This was supposed to be the day Johan Cruyff and the Washington Diplomats would push aside Montreal, take firm hold of second place and take another step toward realizing their playoff aspirations.

But by the time Montreal had scored its fourth straight easy goal in the stifling heat of RFK Stadium yesterday, the Dips had melted like candle wax. Cruyff, his groin muscle reinjured, was in the dressing room and two other Washington starters had left the lineup with injuries.

Cruyff missed the entire second half and his teammates might as well have done the same. After the Diplomats built a 2-0 lead, Montreal exposed all the Dips' weaknesses in a 4-2 victory before 14,601.

The Dips (12-12 with 104 points) dropped to third place for the first time this season and the Manic (12-11, 109) took over second in the NASL's Eastern Division. All first-and second-place finishers qualify automatically for the playoffs. Unless the Dips can regroup for the final eight games of the season, they will have to qualify as a wild-card team or miss postseason activity altogether.

Yesterday, behind ingenious play making by Cruyff and two excellent goals by David Bradford (on assists by Peter Baralic), the Dips took a 2-0 lead in the first 29 minutes. Still, it was evident that Montreal was playing better than Washington.

"Even though we were leading, 2-0, we weren't playing that well," Washington Coach Ken Furphy said.

The play after Bradford's second goal -- a header of a splendid cross from Dave McGill -- demonstrated what Furphy meant.

Before Bradford had finished blowing kisses to the crowd, Montreal sweeper Bob Vosmaer had taken a pass from teammate Fran O'Brien and raced 60 yards unmarked down the far sideline. He kicked the ball left-footed past Dip goalkeeper Jimmy Brown, cutting the Manic's deficit to 2-1 at 29:15.

"To allow that goal in professional soccer is disgusting," said Cruyff. "I hope that's the last time it happens."

Not long after that, Cruyff was tripped inside the midfield circle by Montreal's Tony Towers. Cruyff played the remainder of the half, slightly favoring his left leg, but didn't return for the second half. Cruyff had a groin operation in May and subsequently pulled a muscle in his thigh.

"I'm optimistic," Cruyff said. "I'll let it calm down for a few days and see how it feels." Washington's next game is Saturday night at home against Minnesota.

Also before halftime, Washington defender Ivan Belfiore pulled a muscle in his thigh -- this, too, aggravating an earlier groin injury. When Heinz Wirtz, suffering from the flu, couldn't return for the second half, the Dips were missing three key players.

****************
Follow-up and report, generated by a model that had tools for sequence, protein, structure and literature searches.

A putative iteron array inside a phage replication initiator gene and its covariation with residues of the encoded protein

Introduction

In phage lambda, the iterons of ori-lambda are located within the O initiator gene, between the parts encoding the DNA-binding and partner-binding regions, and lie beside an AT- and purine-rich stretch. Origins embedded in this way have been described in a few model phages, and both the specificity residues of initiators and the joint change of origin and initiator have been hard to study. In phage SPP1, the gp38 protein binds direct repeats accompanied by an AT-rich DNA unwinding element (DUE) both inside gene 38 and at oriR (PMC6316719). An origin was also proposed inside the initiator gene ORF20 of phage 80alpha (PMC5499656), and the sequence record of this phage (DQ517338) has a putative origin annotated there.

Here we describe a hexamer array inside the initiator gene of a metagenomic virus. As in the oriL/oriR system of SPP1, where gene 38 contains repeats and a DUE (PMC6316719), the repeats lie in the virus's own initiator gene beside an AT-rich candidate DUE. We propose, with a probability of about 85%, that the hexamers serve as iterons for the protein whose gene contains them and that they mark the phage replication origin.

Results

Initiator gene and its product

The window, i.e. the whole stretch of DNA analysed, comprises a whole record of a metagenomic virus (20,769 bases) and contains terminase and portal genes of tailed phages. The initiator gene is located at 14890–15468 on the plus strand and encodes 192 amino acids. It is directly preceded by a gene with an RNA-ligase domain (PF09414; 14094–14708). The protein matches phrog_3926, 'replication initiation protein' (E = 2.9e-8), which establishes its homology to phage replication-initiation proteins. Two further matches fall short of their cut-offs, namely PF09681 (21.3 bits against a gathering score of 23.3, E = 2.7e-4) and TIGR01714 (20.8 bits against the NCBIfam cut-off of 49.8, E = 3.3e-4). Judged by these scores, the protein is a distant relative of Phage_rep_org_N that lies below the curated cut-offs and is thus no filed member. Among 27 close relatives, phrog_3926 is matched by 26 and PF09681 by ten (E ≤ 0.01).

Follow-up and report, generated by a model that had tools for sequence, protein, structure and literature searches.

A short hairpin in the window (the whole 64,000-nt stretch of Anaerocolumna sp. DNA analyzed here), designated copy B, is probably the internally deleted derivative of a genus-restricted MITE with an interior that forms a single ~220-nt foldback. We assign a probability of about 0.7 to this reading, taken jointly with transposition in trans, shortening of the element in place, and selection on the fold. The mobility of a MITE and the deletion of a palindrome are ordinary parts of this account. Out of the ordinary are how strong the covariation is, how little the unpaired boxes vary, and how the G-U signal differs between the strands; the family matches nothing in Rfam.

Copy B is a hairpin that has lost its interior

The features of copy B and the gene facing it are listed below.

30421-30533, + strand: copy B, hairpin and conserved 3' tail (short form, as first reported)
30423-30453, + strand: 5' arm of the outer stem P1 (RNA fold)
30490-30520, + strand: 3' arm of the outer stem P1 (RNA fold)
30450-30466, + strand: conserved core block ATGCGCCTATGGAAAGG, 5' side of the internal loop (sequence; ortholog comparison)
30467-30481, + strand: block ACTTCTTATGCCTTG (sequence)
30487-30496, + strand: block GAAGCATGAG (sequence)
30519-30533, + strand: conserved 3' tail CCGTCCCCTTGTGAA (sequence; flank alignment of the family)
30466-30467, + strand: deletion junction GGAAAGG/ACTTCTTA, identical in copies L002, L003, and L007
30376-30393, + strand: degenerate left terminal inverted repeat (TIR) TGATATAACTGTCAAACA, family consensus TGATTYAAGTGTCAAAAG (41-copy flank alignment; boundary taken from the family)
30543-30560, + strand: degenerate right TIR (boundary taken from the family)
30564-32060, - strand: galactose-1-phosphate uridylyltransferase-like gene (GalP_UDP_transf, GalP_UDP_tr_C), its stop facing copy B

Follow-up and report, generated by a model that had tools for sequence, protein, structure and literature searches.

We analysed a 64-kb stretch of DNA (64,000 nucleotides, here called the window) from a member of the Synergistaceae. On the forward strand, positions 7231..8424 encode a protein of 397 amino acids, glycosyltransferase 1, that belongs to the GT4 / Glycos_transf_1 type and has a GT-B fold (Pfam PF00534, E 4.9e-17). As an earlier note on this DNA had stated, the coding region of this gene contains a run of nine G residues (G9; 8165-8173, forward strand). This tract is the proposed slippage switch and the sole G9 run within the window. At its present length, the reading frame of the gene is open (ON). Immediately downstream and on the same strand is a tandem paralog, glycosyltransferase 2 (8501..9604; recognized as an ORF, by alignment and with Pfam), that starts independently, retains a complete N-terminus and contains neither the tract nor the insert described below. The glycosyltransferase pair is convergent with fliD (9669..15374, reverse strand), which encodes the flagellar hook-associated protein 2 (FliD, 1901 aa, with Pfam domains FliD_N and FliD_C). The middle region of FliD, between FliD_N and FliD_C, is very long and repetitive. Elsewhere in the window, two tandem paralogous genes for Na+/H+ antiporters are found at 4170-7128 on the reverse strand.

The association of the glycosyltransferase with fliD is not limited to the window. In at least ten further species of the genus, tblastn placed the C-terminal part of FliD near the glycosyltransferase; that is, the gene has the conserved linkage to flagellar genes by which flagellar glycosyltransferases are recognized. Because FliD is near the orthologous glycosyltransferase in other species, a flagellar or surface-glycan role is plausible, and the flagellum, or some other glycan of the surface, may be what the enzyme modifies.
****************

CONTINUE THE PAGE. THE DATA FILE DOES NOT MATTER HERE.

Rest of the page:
Bradford had to abandon his goal-scoring runs to act as playmaker. Trevor Franklin replaced a more agile Belfiore. Offensive-minded Willi Kiefer replaced defensive-oriented Wirtz, and Ross Jenkins tried to replace Cruyff.

"Ross Jenkins is no Johan Cruyff," Furphy said.

So the Dips took the field with quite a different team from the one that held a 2-1 halftime advantage. Montreal started quickly, taking the Dips by surprise with a neat trick.

"We were clogging the middle with me, Gordon Hill and Andy Parkinson," Montreal forward Thompson Usiyan said. "Then our fullbacks would come up and cross. We would have an extra man open to shoot crossing passes inside."

Off that plan of inside-out attack, Usiyan scored three second-half goals, in the 52nd, 74th and 79th minutes. The first two were headers that resulted from well-placed crosses that beat the Washington defense. The last was a rebound kick after Brown had stopped a shot by Alan Willey.

"They did seem to always have an outlet on the wings," Diplomat defender Malcom Waldron said after reflecting upon Montreal's strategy.

Meanwhile, without Cruyff, the Dip offense sputtered. "Johan makes such a big difference in that team," said Montreal's Carmine Marcantonio, a former Diplomat.

"The few things he did in the first half resulted in them scoring two goals. He's their catalyst. Johan caused us all kinds of problems on defense. Once he went out, it was a letdown for them and a boost for us."

Cruyff was not flattered. "Whether I'm in or out of the lineup, teamwork has got to stay the same," he said. "Giving away four goals is no way to play."

"Our loss today has a lot to do with our style," Waldron said. "Our play depends largely on hard, hard work, hitting long balls and chasing.

"We'd make one run and that was it. You couldn't make another one for five minutes. They play a different type (soccer). They push the ball around, don't expend as much energy."